The layover in Nazareth was worse—at least by our assessment. What a dreary place to be stuck in! And in a period when modern facilities and amusements were not there. At least if the layover was in a place and time when fantastic things happened!
The thing that happened during Christ’s layover of 30 years was that He learnt obedience. The first twelve years after His birth are summarized in just two verses:
When Joseph and Mary had done everything required by the Law of the Lord, they returned to Galilee to their own town of Nazareth. And the child grew and became strong; he was filled with wisdom, and the grace of God was upon him (Lk.2:39-40)
There’s no record of the first word said, the first step taken, or the first tooth that fell out. No record of His Bar Mitzvah. Though Jesus was the one and only Son of God, there are no records of His life having been out of the ordinary. It was an ordinary life.
Three things marked His early life: he grew strong, he was filled with wisdom and God’s grace was evident in His life. These were not special blessings. After His birth there were no miraculous signs surrounding His life. He was just an ordinary boy living a life of ordinariness. By the way, parents, these are the things you should ask God for your children: a strong physical constitution, a sharp mind and evidence of God’s grace in your child’s life. Not wealth or position. They do not define your child’s personality or character. But if they have health, wisdom and grace through life, they can go through life with peace in their hearts.
An Escapade at Twelve
At the age of twelve, Jesus had a minor escapade (Lk.2:41-52). For eleven years, Mary and Joseph had been taking their family up to Jerusalem for the Passover. All those years, Jesus had gone with them and come back with them. But when He reached the age of 12, He stayed on in Jerusalem without telling His parents. On their part, Mary and Joseph assumed that Jesus, knowing the routine, was with the Nazareth group when they started back. Probably when travelling together in a band, kids played with friends along the way and it was only when nightfall came that they returned to their own family’s sleeping arrangements. Mary and Joseph discovered that Jesus missing only at the end of the day. They had to wait till daybreak to retrace their steps because it wasn’t safe to travel after sundown. Scripture tells us that they found Jesus after three days. They didn’t imagine that Jesus would be in the Temple. They just assumed that He was lost having wandered off to take in the sights at Jerusalem during the Passover season. The Temple was the last place they looked in and there He was among the teachers. What was astonishing was that the boy was holding His own among those old scholars:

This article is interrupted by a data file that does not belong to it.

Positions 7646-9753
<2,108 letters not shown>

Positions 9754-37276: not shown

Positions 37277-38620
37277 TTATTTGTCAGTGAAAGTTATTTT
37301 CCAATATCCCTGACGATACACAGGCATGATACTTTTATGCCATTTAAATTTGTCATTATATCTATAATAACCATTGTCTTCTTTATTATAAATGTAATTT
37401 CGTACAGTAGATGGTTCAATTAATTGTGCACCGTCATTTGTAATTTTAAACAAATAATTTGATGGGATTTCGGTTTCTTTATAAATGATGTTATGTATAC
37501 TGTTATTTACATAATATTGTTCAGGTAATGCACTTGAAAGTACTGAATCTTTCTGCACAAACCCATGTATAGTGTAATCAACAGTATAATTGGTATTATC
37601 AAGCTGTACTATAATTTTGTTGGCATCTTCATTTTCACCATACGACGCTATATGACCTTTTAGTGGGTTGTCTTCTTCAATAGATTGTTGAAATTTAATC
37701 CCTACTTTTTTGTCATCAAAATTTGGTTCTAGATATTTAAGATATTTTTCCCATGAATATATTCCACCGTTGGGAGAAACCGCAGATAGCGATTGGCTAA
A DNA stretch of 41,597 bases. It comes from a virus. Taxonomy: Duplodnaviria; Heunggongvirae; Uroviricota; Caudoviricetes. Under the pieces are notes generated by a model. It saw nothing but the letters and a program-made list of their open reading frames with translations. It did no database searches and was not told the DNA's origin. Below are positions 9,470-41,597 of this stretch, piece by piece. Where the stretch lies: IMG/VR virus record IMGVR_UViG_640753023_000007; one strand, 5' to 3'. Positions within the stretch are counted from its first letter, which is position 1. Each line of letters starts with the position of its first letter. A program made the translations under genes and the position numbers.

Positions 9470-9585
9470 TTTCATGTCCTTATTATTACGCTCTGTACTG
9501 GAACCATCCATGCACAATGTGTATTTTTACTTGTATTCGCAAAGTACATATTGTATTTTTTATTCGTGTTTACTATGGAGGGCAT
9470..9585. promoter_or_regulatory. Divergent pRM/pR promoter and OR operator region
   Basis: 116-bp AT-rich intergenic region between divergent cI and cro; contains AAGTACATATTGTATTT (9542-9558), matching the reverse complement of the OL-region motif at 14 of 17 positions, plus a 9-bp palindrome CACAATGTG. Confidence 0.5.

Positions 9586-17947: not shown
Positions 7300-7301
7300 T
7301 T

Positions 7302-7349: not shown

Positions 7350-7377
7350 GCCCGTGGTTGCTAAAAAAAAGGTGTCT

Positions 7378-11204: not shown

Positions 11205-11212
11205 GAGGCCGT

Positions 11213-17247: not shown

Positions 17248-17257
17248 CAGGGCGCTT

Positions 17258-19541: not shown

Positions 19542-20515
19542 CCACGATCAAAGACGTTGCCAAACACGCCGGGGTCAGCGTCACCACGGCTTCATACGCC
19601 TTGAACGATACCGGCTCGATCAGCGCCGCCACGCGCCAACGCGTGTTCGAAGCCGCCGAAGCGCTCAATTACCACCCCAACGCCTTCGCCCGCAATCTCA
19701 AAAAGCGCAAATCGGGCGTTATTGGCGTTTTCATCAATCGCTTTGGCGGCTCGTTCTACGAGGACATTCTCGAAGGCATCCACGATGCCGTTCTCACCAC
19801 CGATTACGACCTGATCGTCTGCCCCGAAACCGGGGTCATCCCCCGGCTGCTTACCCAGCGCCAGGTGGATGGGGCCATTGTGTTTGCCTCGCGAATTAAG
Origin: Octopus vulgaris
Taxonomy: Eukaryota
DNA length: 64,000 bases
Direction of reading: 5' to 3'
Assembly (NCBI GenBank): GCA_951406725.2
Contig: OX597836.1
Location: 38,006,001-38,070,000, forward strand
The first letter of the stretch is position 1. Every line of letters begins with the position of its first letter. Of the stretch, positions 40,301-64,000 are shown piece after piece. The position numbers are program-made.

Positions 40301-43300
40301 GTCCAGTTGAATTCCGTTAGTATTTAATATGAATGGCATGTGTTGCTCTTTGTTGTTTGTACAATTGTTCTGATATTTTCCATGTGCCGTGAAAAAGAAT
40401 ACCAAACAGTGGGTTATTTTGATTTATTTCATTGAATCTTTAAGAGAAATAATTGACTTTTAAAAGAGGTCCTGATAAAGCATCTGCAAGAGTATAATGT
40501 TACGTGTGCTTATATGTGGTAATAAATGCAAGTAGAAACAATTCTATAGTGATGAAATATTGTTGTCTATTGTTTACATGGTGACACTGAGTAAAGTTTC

They found Him in the temple, sitting in the midst of the teachers, both listening to them and asking them questions. And all who heard Him were amazed at His understanding and His answers (vv.46-47, NASU)
He was listening to them intently, asking intelligent, challenging questions, explaining His own point of view and answering the questions raised about His viewpoint. In a word, Jesus was insightful about God’s Word.
Mary reacted on the spot. She scolded Jesus. She asked Him,
My son, why have you done this to us? Your father and I have been terribly worried trying to find you (v.48, GNB).
Though He was God Almighty, this public reprimand didn’t annoy Him. He answered gently that they should have known where He would be:
Why is it that you were looking for Me? Did you not know that I had to be in My Father’s house? (v.49)